Into the Wild Essay Example
Into the Wild written by John Krakauer follows a true story of Christopher McCandless, a young man who grew up in a well-off family in a suburb of Virginia. Following endless back and forth communication with his parents, McCandless became frustrated, donated his $25,000 college fund to the charity Oxfam and burned the rest of his money before traveling along across the western United States, living almost entirely in the wilderness. McCandless managed to survive a total of 100 days before his dead, emaciated and severely malnourished body was found in a car. The book was developed on from an expansion of an article written by Krakauer on McCandless which was published in 1993. The book also was later adapted into a full-length feature film. It was a story that resonated with a lot of young disgruntled youth and people that were secretly yearning for an adventurous life. The story is one of a severe desire to escape a consumerist lifestyle and experience living in the wild with no boundaries or things tying you down - in the last section of his diary, McCandless wrote that he had had a happy life and he thanked the lord before noting down his final goodbye.
The Wilderness was very important for McCandless, he saw it as an area whereby he could live free from society's rules and oppression, without any of the evils that he witnessed within the modern world. McCandless yearned to live in absolute freedom without other people telling him what to do and commanding any authority over him, following a world where he has to only abide by the laws of nature. He certainly did this, but at a cost to his life. McCandless chose to enter his quest for freedom in complete isolation, going into the wild on his own, but he realized that his romantic ideas aren’t as easy to live by as they seemed, and he soon noticed that it was, in fact, very tough to try and survive completely on his own - basic comforts that would be easy to obtain in the “real world” such as shelter and having enough to eat were difficult to get in wild. McCandless’ diary that was later recovered illustrated the desperation of trying to survive.
Themes of temptation and risk are key to Krakauer’s book. McCandless wants to risk everything he has and is equally tempted to fulfill his fantasy. His passion and ambition help him to keep going, even though he doesn’t last particularly long. Krakauer wants us to consider how we might feel tempted at times and what it would take for the temptation to win us over. At one point in the novel, McCandless rejects the attraction to receive better clothing from a random person, even though it would have probably helped him survive. Although it would be highly risky to try and persevere like McCandless did, Krakauer puts the theme of risk throughout his book, from the uncertainty of the initial idea to risking eating various plants and even risking trying to capture animals to eat. Perhaps, Krakauer is trying to make a point about civilization having its own current problems but that the risks and temptations to reject certain key parts of society have overbearing costs.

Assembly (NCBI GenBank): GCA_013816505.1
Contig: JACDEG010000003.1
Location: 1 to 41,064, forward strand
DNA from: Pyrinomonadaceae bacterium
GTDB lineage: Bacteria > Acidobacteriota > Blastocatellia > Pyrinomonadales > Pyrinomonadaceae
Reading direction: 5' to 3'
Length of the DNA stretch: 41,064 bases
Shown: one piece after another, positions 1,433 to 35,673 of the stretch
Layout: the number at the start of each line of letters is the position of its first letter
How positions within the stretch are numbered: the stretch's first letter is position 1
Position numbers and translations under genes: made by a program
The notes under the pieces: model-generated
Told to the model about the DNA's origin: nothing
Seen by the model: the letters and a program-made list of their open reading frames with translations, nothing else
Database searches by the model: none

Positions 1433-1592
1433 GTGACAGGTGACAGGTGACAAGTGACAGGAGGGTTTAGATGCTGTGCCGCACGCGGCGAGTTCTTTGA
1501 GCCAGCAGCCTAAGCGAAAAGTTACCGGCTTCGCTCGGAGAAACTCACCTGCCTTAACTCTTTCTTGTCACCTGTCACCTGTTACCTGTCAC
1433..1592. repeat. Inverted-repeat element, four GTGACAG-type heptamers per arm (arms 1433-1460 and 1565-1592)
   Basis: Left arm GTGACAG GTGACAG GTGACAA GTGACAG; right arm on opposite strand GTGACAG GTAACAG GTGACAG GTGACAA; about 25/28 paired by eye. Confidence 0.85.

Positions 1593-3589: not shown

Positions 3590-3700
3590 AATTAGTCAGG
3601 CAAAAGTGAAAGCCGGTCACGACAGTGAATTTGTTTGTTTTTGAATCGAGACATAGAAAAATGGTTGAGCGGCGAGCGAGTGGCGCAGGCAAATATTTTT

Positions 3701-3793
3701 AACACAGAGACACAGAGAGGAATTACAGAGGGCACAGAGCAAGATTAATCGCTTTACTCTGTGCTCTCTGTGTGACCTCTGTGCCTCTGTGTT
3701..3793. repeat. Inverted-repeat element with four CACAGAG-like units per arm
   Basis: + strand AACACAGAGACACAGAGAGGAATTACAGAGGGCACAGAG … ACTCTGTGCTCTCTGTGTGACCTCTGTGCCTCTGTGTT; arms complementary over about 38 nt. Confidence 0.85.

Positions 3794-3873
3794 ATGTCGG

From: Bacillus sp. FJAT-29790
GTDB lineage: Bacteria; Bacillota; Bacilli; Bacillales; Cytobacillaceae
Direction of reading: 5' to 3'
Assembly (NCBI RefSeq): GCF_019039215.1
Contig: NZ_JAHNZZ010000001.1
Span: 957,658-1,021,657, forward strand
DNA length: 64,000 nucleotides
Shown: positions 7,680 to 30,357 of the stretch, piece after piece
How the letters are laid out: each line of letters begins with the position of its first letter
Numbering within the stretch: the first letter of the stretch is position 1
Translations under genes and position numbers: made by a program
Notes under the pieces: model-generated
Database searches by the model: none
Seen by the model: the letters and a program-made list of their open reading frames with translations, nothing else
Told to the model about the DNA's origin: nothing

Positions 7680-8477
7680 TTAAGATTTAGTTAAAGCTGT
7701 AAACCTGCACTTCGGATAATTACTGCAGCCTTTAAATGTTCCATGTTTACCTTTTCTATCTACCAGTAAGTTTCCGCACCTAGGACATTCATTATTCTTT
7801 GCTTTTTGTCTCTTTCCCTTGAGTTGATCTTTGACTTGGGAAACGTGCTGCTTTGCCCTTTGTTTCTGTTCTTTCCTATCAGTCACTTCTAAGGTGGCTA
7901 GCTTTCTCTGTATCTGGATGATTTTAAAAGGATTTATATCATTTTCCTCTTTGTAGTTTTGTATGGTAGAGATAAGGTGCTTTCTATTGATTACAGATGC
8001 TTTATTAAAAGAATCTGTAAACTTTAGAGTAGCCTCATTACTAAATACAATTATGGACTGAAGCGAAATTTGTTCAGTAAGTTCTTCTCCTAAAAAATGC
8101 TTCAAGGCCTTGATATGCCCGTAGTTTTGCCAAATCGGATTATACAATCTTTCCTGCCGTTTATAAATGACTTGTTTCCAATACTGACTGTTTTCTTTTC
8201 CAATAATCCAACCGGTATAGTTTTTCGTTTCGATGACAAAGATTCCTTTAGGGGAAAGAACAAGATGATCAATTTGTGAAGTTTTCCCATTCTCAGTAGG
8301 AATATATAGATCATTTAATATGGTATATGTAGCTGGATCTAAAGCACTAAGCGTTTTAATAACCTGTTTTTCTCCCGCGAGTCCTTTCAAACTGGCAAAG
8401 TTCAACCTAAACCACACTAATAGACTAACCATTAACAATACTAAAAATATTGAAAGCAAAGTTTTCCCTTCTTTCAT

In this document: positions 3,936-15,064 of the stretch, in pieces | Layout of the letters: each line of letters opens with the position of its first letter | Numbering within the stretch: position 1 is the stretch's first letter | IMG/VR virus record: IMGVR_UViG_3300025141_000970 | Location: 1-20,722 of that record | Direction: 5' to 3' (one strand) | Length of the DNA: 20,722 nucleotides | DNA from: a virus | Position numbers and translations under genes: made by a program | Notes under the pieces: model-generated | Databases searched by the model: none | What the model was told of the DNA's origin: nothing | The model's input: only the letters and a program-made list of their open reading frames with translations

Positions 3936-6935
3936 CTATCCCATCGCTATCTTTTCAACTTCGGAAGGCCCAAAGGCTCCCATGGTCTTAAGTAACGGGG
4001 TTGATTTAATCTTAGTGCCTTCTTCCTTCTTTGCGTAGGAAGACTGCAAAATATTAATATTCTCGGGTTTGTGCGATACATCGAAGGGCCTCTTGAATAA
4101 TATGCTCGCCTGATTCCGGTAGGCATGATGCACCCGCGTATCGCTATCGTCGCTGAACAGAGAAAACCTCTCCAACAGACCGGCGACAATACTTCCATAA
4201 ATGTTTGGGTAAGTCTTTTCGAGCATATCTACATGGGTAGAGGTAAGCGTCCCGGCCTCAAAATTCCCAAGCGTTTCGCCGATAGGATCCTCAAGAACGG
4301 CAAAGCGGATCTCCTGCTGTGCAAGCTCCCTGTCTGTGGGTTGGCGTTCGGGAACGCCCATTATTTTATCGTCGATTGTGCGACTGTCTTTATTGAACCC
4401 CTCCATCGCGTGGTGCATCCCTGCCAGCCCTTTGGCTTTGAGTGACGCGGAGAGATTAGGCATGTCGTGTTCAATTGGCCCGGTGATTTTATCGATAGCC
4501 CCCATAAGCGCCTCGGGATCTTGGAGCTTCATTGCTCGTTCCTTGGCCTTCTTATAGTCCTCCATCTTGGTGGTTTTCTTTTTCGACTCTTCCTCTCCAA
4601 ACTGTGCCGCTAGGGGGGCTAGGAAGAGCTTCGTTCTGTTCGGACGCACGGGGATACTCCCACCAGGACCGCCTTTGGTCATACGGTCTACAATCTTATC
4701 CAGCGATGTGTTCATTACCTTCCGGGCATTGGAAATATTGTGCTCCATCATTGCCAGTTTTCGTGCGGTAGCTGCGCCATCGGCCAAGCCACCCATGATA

McCandless is constantly trying to challenge himself in unpredictable and hazardous situations, driven by the need to experience danger. In some way, there is a dichotomy between the safety of the modern world and the danger of challenging situations. Throughout McCandless’ travels, he is very driven by an inability to forgive his parents mistakes in a seemingly selfish way. The author is trying to make a point about family and listening to others - if you can’t forgive, it will lead to all sorts of problems further down the line.
McCandless is a highly principled man and has many core ideas that he strictly adheres to. For one, he rejects materialism and capitalist society outright, choosing to live in a world where money does not affect him. He makes this part of his personality known right from the start whereby he gives away all his money to charity and he believes this is the true decision to make. On one side this is an admirable action, yet McCandless’ actions also hurt those he loves and those in his close circle tremendously as they struggle to live with deep anxiety about what McCandless is doing. McCandless’ principles always come first and before anything else, regardless of what other thoughts people may have, though he doesn’t even discuss anything with his parents before leaving and donating his money - a mistake or a good choice? The reader can decide for themselves.
The novel ponders the question to the audience of whether or not our dreams can become a reality. McCandless certainly lived his dreams as he lived out in the wilderness without any material stresses or monetary needs, but at what cost? He did die rather young as a result, but was he happy or not? It is difficult and ambiguous to make a decision of whether or not he truly lived better as he decided to fulfill his dreams. The sad fact is that if McCandless would have had more preparation before setting off, perhaps he could have lived out his dream a whole lot longer, but with no food, phone, tools (apart from his rifle) and armed only with a few books, the harsh reality was that he simply was not prepared for survival. Although the ending is a tragic one, Into The Wild takes the audience on an interesting journey and leads us to question our dreams and the realities of life.